“I was humiliated for a second. I get out of there and headed to my hotel office, ” she said. ”Last year, I told my husband what happened six years ago.”

A young lady registers her support with a clue that predicts: “Seo’s brave #MeToo helped gleam on sexual abuse within the police force.”

Women from other sectors are speaking out as well, including Lim Bo-young, a South Korean reporter, who disclosed her event of unprofessional behavior by her immediate superior when she worked for the National Police Agency.

Lim recalled that she reported the molestation immediately. The harasser, however, was not punishment at all. Bo-young made also took to Facebook to share her story:

I read an article that 70% of sexual abuse preys leave their busines. I do not regret bequeath, but I envy and admire Prosecutor Seo Ji-hyeon’s mettle and judgment.

From a hunger that we will no longer stay speechles, I brought up a contemptible narrative that I had buried in my attention a long time ago.

The conversation about provocation and assault in professional establisheds has furthermore resonated with students. Yeon Hak Kang, a graduate student at Hanyang University, disclosed on Facebook that she was determined to quit grad school after she knowledge lingering unprofessional behavior and molestation from a male speaker, as well as sexual abuse from her male academic advisor.

She revealed that her academic advisor persistently contacted her, saying some things that swept student/ professor frontiers, such as “I want to hear your voice” or “Consider me your brother.” Even though she was put forward the problem to others, she told me she “experienced hair-raising silence and cowardly responses from people around me.”

Yeon territory on Facebook that she changed her head about leaving clas after other women questioned her, “Then what about us? ”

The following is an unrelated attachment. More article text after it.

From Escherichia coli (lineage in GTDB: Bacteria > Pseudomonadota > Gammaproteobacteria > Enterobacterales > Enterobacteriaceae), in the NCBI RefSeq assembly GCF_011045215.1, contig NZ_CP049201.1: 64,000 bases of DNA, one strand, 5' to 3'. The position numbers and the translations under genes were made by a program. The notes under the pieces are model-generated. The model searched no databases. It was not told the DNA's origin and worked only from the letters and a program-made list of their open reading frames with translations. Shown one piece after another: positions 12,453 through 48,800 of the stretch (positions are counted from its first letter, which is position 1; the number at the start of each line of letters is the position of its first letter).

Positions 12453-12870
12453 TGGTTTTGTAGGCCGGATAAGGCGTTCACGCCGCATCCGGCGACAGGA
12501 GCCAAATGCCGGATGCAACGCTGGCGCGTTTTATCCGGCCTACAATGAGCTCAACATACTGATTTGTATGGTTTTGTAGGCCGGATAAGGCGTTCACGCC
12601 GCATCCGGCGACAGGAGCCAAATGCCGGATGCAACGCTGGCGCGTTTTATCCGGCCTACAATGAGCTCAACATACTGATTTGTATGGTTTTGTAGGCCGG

South Korea’s current dialogue around harassment and onslaught likewise extends beyond individual narrations. Asiana Airline, for example, is in the spotlight for gender rights issues among flight attendant.

It’s reported that the company’s female cabin crew have been told by ministerials to run to and grip Chairman Park Sam-koo within the framework of the accosting ceremony when he visits the company formerly a month.

A person familiar with the situation told Korean newspaper Hankyoreh, “When Chairman Park converged female flight attendant, he said without restriction,’ I came here to get some energy.’ He called the female flight attendant, gript them for 20 -3 0 minutes, and went to the training core, where flight attendant trainees in their early 20 s abide, and spent era there. Asiana Airlines’ response to the newspaper was,’ Mr. Chairman time inspired his employees out of his cherishing heart.’”

Seo Ji-hyeon’s public disclosure has caused the Me Too movement to spread across several areas of Korean civilization. However, organized the allegations of carnal abuse became pervasive in Korea in October 2016. Hashtags such as #sexual harassment_in_literary curves, for example, started sounding up, primarily on Twitter. And last May, a crowdfunding expedition raised enough fund to publish “No References, ” a work that contains narrations of molestation and assault from victims throughout South Korea.